Frank Capra Oversimplified the Italian-American Story

In His Life and Career, the Sicilian-Born Director Absorbed His Adopted Country’s Ambivalence Toward Italians

Frank Capra, the director of It’s a Wonderful Life, called the film his favorite, and even screened it for his own family every holiday season. The movie hit close to home in another way: Capra was attempting to represent the story of Italian-Americans like himself, who had a complicated path toward assimilation during the first half of the twentieth century.

Francesco Capra was born in 1897 in Bisaquino, near Palermo, Sicily, the youngest of seven children. (“Capra” means goat in Italian; the town’s name is derived from the Arabic “rich in …

Want to Protect Immigrants? Help Integrate Them into Our City.

Local Jobs, Language Skills, and a Path to Citizenship Are the Best Defense Against Anti-Immigrant Fervor

Is it any wonder that immigrant Los Angeles finds itself in the eye of Tropical Storm Don?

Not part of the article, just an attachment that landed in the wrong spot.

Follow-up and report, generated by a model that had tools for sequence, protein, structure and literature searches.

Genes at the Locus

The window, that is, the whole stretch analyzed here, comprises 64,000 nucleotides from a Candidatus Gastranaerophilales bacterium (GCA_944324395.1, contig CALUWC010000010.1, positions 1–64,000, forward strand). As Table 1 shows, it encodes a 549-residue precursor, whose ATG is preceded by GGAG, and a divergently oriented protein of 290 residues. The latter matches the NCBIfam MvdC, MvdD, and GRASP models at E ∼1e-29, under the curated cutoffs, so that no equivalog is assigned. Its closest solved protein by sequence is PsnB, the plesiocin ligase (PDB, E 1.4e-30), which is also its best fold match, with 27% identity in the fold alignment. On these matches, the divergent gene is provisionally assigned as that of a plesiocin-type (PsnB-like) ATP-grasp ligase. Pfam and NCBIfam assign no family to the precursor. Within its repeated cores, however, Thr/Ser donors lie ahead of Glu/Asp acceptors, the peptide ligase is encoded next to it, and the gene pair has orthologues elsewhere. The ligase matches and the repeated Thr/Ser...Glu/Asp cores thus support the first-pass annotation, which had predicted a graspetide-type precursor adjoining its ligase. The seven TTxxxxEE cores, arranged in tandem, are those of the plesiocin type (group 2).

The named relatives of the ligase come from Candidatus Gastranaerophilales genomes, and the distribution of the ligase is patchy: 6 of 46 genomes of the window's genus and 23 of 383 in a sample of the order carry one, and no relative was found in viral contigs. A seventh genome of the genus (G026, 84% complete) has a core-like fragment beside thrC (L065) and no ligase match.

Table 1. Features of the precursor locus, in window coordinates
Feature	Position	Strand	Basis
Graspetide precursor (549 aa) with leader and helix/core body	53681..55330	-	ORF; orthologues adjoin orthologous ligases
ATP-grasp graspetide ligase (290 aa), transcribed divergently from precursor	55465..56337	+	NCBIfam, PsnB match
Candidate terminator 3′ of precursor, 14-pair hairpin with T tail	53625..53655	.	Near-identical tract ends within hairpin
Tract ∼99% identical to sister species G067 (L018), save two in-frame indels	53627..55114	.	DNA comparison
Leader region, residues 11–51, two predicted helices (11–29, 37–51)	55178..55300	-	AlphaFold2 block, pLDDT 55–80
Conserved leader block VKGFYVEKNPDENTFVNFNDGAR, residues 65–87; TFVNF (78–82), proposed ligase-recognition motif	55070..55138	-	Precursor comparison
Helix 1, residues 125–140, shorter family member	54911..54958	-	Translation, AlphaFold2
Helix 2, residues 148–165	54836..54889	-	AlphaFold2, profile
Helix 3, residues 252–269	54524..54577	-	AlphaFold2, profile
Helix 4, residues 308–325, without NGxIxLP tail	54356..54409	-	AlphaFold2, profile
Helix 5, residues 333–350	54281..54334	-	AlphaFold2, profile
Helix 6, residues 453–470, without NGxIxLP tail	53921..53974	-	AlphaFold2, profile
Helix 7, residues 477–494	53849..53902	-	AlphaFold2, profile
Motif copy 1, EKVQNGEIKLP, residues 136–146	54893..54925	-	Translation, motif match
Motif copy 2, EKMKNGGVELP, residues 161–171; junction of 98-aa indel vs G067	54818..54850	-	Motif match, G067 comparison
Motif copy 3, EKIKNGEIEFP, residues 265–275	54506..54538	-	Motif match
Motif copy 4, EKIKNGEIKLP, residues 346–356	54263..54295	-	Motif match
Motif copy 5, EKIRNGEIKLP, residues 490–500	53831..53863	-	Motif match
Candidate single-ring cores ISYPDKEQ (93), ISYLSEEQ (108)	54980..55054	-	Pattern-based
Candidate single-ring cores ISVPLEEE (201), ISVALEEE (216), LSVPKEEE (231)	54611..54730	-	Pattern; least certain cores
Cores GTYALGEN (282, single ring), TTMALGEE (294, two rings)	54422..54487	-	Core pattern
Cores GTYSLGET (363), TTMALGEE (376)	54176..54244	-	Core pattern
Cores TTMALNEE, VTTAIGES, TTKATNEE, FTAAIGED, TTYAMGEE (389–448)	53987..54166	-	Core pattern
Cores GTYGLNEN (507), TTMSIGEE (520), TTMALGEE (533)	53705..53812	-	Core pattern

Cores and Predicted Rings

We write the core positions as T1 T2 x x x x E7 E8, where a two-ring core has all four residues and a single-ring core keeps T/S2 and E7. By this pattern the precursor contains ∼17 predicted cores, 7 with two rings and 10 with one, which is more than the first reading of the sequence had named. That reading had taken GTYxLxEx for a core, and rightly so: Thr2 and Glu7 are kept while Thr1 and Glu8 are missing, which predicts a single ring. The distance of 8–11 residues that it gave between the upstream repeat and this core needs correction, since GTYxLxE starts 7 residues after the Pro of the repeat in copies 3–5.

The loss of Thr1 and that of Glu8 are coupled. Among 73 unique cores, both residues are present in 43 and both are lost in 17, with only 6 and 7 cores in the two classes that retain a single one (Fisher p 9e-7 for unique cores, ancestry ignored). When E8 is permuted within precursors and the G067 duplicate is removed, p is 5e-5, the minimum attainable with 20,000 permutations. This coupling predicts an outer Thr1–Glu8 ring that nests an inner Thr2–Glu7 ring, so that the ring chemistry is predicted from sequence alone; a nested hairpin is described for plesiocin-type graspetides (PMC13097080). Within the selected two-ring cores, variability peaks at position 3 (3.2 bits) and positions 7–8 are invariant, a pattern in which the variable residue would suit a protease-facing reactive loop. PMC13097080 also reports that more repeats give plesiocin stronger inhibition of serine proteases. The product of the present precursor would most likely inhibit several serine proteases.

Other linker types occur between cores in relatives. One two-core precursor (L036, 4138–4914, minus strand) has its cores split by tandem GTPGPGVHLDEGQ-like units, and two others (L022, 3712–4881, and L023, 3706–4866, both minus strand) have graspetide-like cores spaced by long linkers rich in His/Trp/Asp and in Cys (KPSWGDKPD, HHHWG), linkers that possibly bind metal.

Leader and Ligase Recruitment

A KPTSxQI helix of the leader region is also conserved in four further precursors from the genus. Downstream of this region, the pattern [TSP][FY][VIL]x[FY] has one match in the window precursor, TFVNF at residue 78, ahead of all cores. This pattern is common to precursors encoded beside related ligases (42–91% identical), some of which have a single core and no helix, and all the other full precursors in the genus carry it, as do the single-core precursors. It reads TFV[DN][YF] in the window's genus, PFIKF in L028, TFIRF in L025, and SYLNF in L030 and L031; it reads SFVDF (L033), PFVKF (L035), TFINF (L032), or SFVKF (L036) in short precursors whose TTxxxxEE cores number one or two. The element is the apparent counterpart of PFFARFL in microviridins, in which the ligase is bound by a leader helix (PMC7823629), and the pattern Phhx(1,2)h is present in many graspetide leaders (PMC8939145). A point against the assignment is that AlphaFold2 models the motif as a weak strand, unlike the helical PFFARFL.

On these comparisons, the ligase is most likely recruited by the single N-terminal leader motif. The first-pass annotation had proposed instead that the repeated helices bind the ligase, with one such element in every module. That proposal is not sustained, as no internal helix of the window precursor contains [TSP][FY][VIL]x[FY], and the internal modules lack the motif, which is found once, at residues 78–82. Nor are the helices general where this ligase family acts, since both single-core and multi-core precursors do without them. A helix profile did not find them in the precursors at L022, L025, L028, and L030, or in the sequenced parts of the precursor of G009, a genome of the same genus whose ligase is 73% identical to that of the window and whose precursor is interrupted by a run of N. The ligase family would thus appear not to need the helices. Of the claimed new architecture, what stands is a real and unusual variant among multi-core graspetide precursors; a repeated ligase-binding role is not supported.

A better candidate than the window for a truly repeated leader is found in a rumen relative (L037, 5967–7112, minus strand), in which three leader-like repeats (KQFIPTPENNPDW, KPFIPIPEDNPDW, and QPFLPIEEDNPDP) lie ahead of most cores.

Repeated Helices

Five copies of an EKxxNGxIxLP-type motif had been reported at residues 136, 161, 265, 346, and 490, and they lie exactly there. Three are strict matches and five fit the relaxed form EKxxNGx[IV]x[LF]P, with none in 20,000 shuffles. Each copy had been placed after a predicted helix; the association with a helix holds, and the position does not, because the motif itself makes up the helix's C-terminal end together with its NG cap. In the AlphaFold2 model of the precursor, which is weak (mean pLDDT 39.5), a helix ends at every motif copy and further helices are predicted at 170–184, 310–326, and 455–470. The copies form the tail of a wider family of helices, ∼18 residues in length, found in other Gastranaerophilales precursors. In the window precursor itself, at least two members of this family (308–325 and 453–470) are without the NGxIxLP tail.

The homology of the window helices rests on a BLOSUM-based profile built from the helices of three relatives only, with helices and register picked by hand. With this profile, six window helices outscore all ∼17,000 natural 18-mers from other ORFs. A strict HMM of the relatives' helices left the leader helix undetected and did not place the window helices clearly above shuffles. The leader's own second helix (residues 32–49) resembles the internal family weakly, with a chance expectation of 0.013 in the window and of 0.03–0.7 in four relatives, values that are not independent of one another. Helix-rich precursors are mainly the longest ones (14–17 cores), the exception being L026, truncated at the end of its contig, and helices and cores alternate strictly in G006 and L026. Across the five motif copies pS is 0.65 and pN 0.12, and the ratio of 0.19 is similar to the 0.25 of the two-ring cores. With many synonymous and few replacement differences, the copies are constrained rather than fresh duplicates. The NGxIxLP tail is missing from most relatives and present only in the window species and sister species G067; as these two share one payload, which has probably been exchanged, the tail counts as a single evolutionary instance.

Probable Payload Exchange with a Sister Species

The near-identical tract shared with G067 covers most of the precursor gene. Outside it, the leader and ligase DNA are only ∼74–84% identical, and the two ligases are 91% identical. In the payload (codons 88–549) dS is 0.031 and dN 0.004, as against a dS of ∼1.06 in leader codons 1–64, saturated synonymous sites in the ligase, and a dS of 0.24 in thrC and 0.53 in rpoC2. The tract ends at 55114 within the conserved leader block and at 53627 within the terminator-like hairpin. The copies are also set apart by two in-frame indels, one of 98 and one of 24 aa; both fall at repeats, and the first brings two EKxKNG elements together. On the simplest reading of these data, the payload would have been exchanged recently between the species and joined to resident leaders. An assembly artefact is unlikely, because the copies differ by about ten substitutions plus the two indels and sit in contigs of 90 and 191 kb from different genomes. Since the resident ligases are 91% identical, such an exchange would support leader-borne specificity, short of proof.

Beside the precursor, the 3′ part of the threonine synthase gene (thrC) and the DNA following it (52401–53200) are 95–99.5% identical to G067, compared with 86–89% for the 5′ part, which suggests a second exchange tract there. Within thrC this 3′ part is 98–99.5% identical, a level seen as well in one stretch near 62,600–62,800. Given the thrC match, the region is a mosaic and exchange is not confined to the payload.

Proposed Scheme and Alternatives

President Trump has stormed in with talk of Muslim travel bans, plans to build …

Yes, I’m Muslim—and German

Europe's Largest Nation Integrates Immigrants With High Ideals and Everyday Discrimination

Wars across Syria, Iraq, and Afghanistan have sent millions of refugees fleeing to Europe in recent years, the majority of them Muslims. How to integrate these refugees into liberal (but …

Europe Has a Problem With Immigrants, Not With Islam

Reforming Schools and Labor Laws Would Help a Lot More Than Fixating on Religion

In Germany last month, the debate over Europe’s growing Muslim population reached a fever pitch. More than 100 robberies and sexual assaults were reported in Cologne on New Year’s Eve, …

When Two ‘Little Rascals’ Crossed the Color Line

The Friendship Between These Young Hollywood Actors—One Black, One White—Was Ahead of Its Time, but Also an Illusion

When I was a kid, I used to watch episodes of The Little Rascals on TV in our living room in Los Angeles. My parents were Korean immigrants who had …